There was once a female entrepreneur named Jill. With her exceptional technical savvy, she created innovative designs and started a company to commercialize products based on her designs. There was strong demand for the products and she was fortunate to surround herself with a skilled leadership team.
It looked like they were bound to succeed. In terms of technology and business know-how, they were top of the class. Unfortunately, in other areas the leadership team had not yet reached full development. A culture of complaining and vying for position began to take over the organization. Soon productivity plummeted, and they were no longer meeting the marketing potential for their products.
This is a story that is all too common, but the ending may surprise you. Knowing that her company was in jeopardy, Jill sought coaching from a mentor she respected and she worked hard at changing her own behaviour. Yes, you read correctly. Her first thought was not...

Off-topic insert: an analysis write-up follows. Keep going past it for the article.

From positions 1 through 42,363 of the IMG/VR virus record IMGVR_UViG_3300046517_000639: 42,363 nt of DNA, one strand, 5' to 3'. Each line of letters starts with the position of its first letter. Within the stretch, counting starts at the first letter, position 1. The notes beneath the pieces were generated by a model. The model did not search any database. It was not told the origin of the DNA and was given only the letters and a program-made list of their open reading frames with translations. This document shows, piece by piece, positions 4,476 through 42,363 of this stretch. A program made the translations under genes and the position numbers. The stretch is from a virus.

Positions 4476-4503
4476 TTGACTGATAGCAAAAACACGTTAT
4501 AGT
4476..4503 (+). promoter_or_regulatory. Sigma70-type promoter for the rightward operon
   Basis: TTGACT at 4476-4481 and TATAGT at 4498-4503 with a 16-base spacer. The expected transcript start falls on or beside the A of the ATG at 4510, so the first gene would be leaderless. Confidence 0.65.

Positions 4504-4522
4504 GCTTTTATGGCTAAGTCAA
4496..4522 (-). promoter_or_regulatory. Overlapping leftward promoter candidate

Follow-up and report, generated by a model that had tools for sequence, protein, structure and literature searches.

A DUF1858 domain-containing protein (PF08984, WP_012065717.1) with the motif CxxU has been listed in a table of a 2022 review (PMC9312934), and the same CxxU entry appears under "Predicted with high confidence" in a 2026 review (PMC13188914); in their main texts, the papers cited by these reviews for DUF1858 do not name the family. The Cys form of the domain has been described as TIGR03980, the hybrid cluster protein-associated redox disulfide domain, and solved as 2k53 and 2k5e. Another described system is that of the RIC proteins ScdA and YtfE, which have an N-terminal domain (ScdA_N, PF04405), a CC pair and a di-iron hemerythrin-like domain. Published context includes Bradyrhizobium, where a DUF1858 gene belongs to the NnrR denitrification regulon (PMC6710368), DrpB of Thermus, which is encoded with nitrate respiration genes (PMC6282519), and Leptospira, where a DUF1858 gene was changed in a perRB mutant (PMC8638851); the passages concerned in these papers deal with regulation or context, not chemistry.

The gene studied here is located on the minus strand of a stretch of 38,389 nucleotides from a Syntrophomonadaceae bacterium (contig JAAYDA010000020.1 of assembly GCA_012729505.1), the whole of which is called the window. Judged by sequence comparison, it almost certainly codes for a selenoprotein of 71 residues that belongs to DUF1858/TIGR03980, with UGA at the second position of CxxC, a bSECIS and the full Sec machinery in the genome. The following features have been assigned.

Leadership is the art of leading others to deliberately create a result that would not have happened otherwise.
To be a leader, you need to:
Be a "person of influence" by adding value to others
We're all familiar with these qualities and recognize them in good leaders we have known. But this list is missing one important quality of leadership.
A good leader must be able to deal with criticism constructively.
Criticism was not something I used to handle well, especially in my earliest leadership positions. Looking back, I recognize that some of the decisions I made in those positions were focused on making people like me.
In other words, my decisions were motivated by a desire to avoid criticism. Unfortunately, some of those decisions were not good for my employer or my immediate career. Plus, some of those decisions did not turn out well for the people I was supposed to be leading.
Aristotle said, "Criticism is something you can avoid--by...